A decline in the value of finished infant formula products in China has led one goat milk company to change track in order to keep its foot in the door with Chinese consumers.
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LAWRENCE SMITH Chris MacBeth said NIG Nutritionals is the first New Zealand goat milk company to reposition itself for the changing Chinese market and hoped to gain a “first mover” advantage.

Goat milk company NIG Nutritionals chief executive, Chris MacBeth said updated regulations governing the manufacture of infant formula in China, which has increased trust in domestically produced products, along with a falling birth rate, have led to a drop in demand for imported infant formula.

Covid-19 had only accelerated changes that had been taking place over the last two-to-three years.

But MacBeth said the changes were an opportunity, because demand for ingredients for infant formula remained strong.

NIG Nutritionals must be more adaptable in it approach to China and support the country’s move to improve regulation of high value ingredients, he said.

Rather that commoditising its goat milk powder, NIG Nutritionals has launched a new brand, Caprinz and was leveraging New Zealand’s reputation as a quality producer of dairy products, to continue to sell goat milk powder into China at a premium.

Goat milk was sought after by consumers worldwide because it was easier to digest and was less allergenic, he said.

The goat milk market is still niche compared to traditional dairy that NIG Nutritionals could still extract premium value, he said.

“We are just changing the way we get the value. Instead of shipping a can, we are simplifying and sending ingredients. Its still valuable in a 25 kilogram bag.”

Infant formula was made from a number of ingredients, including micronutrients which were added at the end. NIG would produce a product that did “90 per cent of the work”, before shipping the ingredient to China where manufacturers would add the micronutrients, and sell a locally branded formula to consumers, MacBeth said.

For many years the demand for infant formula from New Zealand had been solid, as Chinese consumers abandoned local products after the melamine-in-milk scandal resulted in the deaths of infants.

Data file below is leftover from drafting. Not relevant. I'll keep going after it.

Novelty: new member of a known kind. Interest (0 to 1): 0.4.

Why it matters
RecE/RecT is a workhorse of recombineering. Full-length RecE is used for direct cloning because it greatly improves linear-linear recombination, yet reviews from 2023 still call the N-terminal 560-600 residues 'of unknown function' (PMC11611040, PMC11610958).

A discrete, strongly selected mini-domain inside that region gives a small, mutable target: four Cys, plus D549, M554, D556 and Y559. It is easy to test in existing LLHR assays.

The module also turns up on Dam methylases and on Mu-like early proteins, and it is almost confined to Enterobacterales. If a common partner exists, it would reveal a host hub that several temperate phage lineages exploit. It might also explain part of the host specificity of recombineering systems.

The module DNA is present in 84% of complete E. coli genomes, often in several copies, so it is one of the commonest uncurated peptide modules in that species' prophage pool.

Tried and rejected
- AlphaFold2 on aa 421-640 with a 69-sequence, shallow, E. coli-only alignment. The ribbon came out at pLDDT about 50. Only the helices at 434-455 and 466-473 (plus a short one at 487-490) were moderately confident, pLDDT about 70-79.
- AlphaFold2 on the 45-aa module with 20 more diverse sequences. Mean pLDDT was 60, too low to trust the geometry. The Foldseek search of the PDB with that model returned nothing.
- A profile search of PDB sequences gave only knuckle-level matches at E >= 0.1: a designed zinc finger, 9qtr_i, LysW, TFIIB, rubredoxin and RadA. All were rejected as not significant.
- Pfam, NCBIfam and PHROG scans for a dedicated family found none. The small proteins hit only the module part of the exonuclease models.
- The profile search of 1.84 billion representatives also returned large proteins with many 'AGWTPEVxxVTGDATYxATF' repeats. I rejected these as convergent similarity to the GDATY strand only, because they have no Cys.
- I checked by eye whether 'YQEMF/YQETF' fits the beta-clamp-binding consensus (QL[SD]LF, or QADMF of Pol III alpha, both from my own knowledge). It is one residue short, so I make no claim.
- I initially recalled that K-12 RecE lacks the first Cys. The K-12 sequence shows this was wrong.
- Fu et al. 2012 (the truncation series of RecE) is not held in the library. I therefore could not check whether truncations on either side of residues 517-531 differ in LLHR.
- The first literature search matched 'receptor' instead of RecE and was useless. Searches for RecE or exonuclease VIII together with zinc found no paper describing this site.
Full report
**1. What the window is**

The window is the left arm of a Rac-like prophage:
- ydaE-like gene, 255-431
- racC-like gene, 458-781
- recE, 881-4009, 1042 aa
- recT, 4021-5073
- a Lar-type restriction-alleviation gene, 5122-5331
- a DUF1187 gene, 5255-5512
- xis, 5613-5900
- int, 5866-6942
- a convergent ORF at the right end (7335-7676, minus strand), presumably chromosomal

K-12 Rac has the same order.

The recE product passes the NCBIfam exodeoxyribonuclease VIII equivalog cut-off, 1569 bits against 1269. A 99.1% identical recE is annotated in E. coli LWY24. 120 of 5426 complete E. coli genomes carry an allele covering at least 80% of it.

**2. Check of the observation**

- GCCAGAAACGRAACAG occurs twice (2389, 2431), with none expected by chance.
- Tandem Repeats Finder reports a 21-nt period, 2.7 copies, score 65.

Recent changes to the way infant formula products are regulated had rebuilt trust among Chinese consumers, he said.

“The other thing is birth rates in 2021 will be below 10 million, which will be the first time ever. So we have a shrinking market, changing buying behaviour and more trust in local products.”

Two years ago 60 per cent of milk powder in China was imported and 40 per cent was produced domestically. That had now been inverted, he said.

MacBeth said NIG was the first New Zealand goat milk company to reposition itself for the changing Chinese market and hoped to gain a “first mover” advantage.

In the last year and a half, the company has gone from being supplied by two farms to eight, effectively tripling its supply. More farms wanted to join but the company would not expand too rapidly, he said.

Farmer Hamish Noakes said he had been supplying NIG for nine years.

He milked 1000 goats in Karaka, near Pukekohe and had converted his traditional dairy farm to goats because they were a more viable option for the size of his farm.

Four goats were equivalent to one cow in terms of milk solids produced. Each goat produced about 3 to 3.5 litres of milk a day, he said.

Suppliers to the exporters were paid a contracted price which was renegotiated each year, he said.

The value of the milk had decreased during the Covid-19 pandemic but it was hoped that Caprinz might help to lift the price again, Noakes said.

MacBeth said NIG exported 300 tonnes of milk solids this financial year, but was forecast to increase to 1600 tonnes next year.

Caprinz would also be marketed to age groups beyond infants, as lactose intolerance was a condition that affected many people around the world, MacBeth said.

Last month, 14 of our dairy farms in Maine, as well as dozens of dairy farms across northern New England, got an unexpected and disappointing notice from Danone of North America saying that they were discontinuing their contracts with our organic dairy farmers in Maine, New Hampshire, Vermont and elsewhere.

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